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Corrosão e Protecção de Materiais

versão On-line ISSN 2182-6587

Corros. Prot. Mater. vol.32 no.3 Lisboa set. 2013

 

ARTIGO

Evaluation of corrosion behaviour of organic-coated structured sheet metals

Avaliação do comportamento anticorrosivo de chapas metálicas estruturadas

 

E. Kornienko(1)(*), R. Ossenbrink(1) and V. Michailov(1)

(1) Brandenburg University of Technology Cottbus, Chair of Joining and Welding Technology, Platz der Deutschen Einheit 1, 03046 Cottbus, Germany

(*) Corresponding author, email: elena.kornienko@tu-cottbus.de

 

ABSTRACT

In the present paper the corrosion behaviour of organic-coated structured sheet metals was analysed. These materials are innovative and with three-dimensional geometry. The major advantage of this sheet metal is a higher stiffness in comparison with a smooth sheet.

The material was coated by the industrial process of cathodic electrodeposition. The aim of this study is to evaluate the effect of sheet geometry on the corrosion behaviour and the influence of the structuring process on the corrosion properties. For comparison purposes the corrosion resistance of coated smooth sheet metals was determined.

The results show that the sheet geometry has no noticeable effect on the corrosion behaviour. The deformation due to the structuring process affects the coating system strongly.

Keywords: Corrosion, Organic Coating, Deformation, Structured Sheet Metals

 

RESUMO

No presente artigo foi analisado o comportamento anticorrosivo de chapas metálicas estruturadas com revestimento orgânico. Estes materiais são inovadores e com geometria tridimensional. A principal vantagem desta chapa metálica é a sua maior rigidez em comparação com a chapa lisa.

O material foi revestido pelo processo industrial da electrodeposição catódica. O objectivo deste estudo foi a avaliação do efeito da geometria da chapa no comportamento corrosivo e a influência do processo estruturante nas propriedades corrosivas.

Como referência foi determinada a resistência à corrosão de chapas metálicas lisas revestidas.

Os resultados revelaram que a geometria da chapa não teve efeito perceptível no comportamento corrosivo. A deformação devido ao processo de estruturação afecta fortemente o sistema de revestimento.

Keywords: Corrosão, Revestimento Orgânico, Deformação, Chapas Metálicas Estruturadas

 

1. INTRODUCTION

Structured sheet metals are an innovative lightweight material with a three-dimensional hexagonal geometry. These sheet metals have higher stiffness [1] than smooth sheets and are used in the automotive [2], design and civil industries. The properties and processing of structured sheet metals were studied in several works [3-6].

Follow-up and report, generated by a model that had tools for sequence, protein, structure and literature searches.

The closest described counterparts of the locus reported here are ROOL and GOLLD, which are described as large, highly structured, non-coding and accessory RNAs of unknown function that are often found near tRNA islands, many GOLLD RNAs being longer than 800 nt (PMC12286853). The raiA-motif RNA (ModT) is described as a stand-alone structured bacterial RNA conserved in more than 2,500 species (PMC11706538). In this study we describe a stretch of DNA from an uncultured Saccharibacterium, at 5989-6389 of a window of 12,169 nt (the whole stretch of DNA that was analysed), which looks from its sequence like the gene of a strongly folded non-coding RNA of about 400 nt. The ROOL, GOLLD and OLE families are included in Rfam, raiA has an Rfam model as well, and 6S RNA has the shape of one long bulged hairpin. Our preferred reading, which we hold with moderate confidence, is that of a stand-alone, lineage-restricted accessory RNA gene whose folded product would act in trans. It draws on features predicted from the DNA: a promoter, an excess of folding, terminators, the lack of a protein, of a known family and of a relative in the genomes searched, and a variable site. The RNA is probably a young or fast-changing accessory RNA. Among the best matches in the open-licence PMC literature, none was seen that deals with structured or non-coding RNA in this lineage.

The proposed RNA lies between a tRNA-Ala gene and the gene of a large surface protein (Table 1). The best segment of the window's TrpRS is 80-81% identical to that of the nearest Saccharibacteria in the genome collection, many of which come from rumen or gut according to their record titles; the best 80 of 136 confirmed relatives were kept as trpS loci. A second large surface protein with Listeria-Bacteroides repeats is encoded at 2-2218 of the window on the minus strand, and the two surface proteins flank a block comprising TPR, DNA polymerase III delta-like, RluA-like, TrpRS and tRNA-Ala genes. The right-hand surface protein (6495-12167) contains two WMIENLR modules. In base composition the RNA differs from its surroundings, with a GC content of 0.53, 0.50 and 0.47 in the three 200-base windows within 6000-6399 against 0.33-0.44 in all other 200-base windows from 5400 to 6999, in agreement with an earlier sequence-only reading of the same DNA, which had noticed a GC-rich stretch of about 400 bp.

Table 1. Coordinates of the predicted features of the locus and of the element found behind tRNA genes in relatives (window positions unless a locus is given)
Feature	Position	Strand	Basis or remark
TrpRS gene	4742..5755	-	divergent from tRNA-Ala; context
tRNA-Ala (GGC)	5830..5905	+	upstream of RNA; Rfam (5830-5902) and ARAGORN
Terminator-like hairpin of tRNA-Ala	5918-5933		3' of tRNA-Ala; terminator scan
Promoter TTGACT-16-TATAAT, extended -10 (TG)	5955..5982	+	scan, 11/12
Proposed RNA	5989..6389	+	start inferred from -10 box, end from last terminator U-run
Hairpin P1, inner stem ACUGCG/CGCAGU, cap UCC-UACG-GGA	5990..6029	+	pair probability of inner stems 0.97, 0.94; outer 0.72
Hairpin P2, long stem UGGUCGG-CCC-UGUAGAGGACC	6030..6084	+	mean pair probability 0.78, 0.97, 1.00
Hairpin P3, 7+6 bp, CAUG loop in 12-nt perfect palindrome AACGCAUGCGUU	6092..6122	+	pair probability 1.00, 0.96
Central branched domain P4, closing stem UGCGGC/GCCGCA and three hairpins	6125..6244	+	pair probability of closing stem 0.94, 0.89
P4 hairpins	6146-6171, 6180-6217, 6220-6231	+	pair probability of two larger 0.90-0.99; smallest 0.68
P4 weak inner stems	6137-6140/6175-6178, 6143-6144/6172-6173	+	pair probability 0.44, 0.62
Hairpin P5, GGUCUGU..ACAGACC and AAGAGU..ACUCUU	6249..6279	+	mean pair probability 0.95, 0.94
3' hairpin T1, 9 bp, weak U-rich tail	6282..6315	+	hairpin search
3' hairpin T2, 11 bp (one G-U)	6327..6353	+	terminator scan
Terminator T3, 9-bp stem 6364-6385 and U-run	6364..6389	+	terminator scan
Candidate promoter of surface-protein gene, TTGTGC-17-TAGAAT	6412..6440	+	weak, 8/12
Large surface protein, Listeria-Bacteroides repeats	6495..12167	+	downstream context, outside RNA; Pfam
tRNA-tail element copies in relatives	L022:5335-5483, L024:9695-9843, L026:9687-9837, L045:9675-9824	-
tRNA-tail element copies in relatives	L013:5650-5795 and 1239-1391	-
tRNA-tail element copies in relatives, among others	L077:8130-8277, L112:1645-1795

If the structured sheet metals are made of carbon steel, the sheet surface should be corrosion protected for practical applications. Among the common protection methods are different metallic and organic coatings. The cathodic electrodeposition is a widely used process for organic coatings. Especially, the automotive industry applies this protection method, because of the uniform surface (layer thickness) and the good edge coverage [7]. Conventionally this coating system is based on epoxy resins.

The corrosion behaviour of epoxy-based organic coatings was investigated in many studies [8-10]. In most of them was studied the influence of coating modification on the corrosion properties. The properties of cataphoretic automotive primer were investigated in reference [9]. This coating shows an excellent corrosion resistance after a relative long exposure time to the aggressive environments. The effect of deformation on the coating was investigated in works [11, 12] by an electrochemical technique. In [11] the influence of uniaxial deformation on the corrosion behaviour of pre-coated packaging steel has been assessed. The corrosion resistance of polymer-coated steel decreases with increasing strain, due to local defects in the coating after deformation. The work [12] investigated the effect of a mechanical deformation on the corrosion resistance of siliconpolyester- coated galvanised steel. It has been found that the coating degradation was strongly speeded up with increasing deformation. Furthermore, the cyclic accelerated test is a usually employed approach for the estimation of corrosion properties of coating systems [13, 14]. This test consists of different wet-dry cycles with aggressive medium exposure.